Schools struggle to provide adequate time and resources for pupils’ well-being

Financial pressures faced by schools are putting a strain on the provision of mental health services, say MPs.

A joint report conducted by the Education Select Committee and the Health Select Committee urges the next government to review the impact of squeezed school budgets on mental health services.

It also calls for a more structured approach to referrals from education providers to CAMHS and for mental health training to be included in initial teacher training.

While it welcomed the Government’s commitment to making PSHE a compulsory part of the curriculum, the report suggested the promotion of well-being cannot be confined to the provision of PSHE classes. The MPs also said achieving a balance between promoting academic attainment and well-being should not be “regarded as a zero-sum activity”.

SCHOOLS NorthEast launched a commission, Healthy MindED into the mental health of pupils in the region, which brings together school leaders and key stakeholders with the aim of developing a fresh approach that is adoptable across all schools.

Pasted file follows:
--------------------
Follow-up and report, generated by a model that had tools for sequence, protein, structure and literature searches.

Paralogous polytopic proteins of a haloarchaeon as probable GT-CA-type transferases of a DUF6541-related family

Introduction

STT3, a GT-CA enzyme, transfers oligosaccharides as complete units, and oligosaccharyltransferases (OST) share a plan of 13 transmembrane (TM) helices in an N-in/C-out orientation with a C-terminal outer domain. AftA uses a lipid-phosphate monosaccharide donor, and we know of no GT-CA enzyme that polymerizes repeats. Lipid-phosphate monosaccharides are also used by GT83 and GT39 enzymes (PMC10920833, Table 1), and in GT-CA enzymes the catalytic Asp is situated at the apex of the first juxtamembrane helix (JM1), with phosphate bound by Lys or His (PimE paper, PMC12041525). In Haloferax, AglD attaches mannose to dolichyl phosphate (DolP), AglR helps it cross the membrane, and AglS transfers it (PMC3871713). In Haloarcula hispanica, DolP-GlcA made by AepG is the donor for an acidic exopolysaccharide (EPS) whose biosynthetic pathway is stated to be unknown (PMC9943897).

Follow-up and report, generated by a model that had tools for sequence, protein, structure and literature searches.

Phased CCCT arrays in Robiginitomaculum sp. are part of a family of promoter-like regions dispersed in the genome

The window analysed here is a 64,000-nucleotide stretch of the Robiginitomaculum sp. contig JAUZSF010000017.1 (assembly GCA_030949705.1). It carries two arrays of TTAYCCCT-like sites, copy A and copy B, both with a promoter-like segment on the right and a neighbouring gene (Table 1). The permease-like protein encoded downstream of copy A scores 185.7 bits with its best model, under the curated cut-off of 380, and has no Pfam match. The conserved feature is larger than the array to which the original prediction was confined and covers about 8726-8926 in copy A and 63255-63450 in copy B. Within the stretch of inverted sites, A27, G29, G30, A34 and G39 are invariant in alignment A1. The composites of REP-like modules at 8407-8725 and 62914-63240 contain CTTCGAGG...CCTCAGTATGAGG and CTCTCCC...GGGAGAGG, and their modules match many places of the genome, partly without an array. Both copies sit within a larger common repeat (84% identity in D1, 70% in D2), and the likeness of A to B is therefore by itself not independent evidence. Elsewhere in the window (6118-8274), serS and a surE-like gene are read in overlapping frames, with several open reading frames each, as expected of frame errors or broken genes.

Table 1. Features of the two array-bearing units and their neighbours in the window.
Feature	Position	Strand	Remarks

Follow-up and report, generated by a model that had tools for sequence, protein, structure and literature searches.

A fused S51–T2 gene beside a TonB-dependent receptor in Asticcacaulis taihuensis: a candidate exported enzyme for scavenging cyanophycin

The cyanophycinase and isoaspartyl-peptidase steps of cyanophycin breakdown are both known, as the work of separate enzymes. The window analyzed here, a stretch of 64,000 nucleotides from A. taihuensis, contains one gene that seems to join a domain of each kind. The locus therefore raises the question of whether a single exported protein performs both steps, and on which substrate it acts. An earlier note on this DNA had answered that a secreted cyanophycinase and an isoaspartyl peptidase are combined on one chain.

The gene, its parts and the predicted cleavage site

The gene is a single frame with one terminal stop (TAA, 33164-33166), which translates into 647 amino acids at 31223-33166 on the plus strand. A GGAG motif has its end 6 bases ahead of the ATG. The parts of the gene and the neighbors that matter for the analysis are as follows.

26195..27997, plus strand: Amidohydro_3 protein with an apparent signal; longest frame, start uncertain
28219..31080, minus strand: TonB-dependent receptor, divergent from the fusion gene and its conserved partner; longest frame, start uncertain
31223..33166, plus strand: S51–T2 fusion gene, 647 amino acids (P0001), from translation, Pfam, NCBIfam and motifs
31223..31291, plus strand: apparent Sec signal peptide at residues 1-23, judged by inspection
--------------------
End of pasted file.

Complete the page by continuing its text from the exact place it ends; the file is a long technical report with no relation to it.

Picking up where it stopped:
A full day conference where school leaders and other professionals will receive practical advice on how to improve pupil well-being and mental health in their schools will take place on the 8th of June at the Durham County Cricket Club. For more information and to book your place, please visit the Healthy MindED Conference website

Russell Hobby, General Secretary of the National Association of Head Teachers, commented on the joint committee recommendations:

The report makes clear that real terms funding cuts are leading to an increasing number of schools cutting back on the in-school provision of mental health services, such as counsellors. With school budgets at breaking point, we welcome the report’s call for the government to review the effect of budget reductions. Schools should not be expected to plug the gaps in health services, but many do provide counselling and other services to help their pupils at the time they need it. Schools need additional funding if they are to continue to do this.

It is particularly pleasing that the report has not called for increased accountability measures. So often this is seen as a way to boost provision, but in reality this is a blunt tool that must be used sparingly. The report makes clear that the introduction of personal development and well-being criteria in the inspection framework already means Ofsted has the tools it needs.

Children and young people’s mental health – the role of education, the first joint report of the Education and Health Committees of 2016-17, was published earlier than previously scheduled due to the snap General Election.

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